In her policy paper "Terrorism, Cryptocurrencies and the EU Response", written under the project Think Visegrad in Brussels, Asya Metodieva, a research fellow at the Institute of International Relations Prague, writes about what terrorists use cryptocurrencies for, assesses ongoing regulatory initiatives at the EU level, and last but not least, examines how the Visegrad Four (V4) countries view cryptocurrencies in relation to terrorism-related threats at the level of national level.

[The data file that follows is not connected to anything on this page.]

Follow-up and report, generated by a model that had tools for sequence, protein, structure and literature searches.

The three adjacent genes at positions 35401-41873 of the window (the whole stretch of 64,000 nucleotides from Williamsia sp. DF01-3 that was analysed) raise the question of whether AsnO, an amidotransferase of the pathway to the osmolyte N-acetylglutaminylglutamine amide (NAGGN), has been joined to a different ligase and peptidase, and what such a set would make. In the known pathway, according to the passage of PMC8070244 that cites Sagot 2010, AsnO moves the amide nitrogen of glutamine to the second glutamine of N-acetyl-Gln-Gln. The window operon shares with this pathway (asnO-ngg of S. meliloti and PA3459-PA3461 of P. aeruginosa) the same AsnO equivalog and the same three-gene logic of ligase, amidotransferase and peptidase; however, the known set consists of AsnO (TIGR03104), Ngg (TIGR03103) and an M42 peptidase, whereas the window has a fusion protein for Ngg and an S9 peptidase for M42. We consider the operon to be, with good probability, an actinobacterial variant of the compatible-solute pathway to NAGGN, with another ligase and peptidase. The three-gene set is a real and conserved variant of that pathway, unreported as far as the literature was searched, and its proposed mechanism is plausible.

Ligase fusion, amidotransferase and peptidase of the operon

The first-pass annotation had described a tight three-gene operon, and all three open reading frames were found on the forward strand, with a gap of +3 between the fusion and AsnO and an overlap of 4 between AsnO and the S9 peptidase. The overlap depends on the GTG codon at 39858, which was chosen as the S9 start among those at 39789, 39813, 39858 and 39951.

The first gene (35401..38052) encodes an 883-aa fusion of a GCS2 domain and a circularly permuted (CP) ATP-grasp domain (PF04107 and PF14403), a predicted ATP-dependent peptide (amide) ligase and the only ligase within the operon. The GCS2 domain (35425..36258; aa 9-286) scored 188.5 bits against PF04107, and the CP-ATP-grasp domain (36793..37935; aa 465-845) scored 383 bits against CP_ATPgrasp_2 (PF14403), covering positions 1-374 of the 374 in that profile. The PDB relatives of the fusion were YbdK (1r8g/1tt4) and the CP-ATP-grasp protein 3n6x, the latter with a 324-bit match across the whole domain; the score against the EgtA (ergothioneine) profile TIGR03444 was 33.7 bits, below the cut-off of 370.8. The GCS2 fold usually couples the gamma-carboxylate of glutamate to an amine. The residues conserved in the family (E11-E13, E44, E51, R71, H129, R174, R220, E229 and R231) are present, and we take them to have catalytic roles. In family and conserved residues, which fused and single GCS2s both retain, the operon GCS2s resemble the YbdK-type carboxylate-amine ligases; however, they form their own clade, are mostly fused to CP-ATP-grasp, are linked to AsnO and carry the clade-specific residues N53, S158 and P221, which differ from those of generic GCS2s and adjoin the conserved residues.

Cryptocurrencies have created space for terrorists, extremists, and other criminal actors to support their activities through unregulated anonymous transactions. While the exchange of crypto assets is not the primary financial channel of established terrorist organizations, mid and small-scale networks increasingly rely on it. The new technology is gaining recognition in more and more countries but lacks sufficient regulation to curb illicit activities. This gap provides terrorists with the means to transfer financial information, fundraise, and store financial resources anonymously. The regulation of cryptocurrencies is under discussion at the EU level, and a new regulatory framework was announced earlier in 2021. The proposed changes would force companies that transfer crypto assets to collect details on the recipient and sender. Currently, not all national Financial Intelligence Units (FIUs) have the capacity to track suspicious crypto transactions and uneven regulations across EU members create the risk that any differences could be exploited by terrorists and other actors who pursue illicit activities. This policy paper discusses what terrorists use cryptocurrencies for. It further assesses the ongoing regulatory initiatives at the EU level. Finally, it looks at how the Visegrad Four (V4) countries, and Czechia more specifically, approach crypto transfers in relation to terrorism-related threats at the national level. This study is the outcome of expert interviews and desk research of documents conducted in Brussels in July-August 2021. It is the result of cooperation between Europeum Institute for European Policy and the Institute of International Relations Prague.
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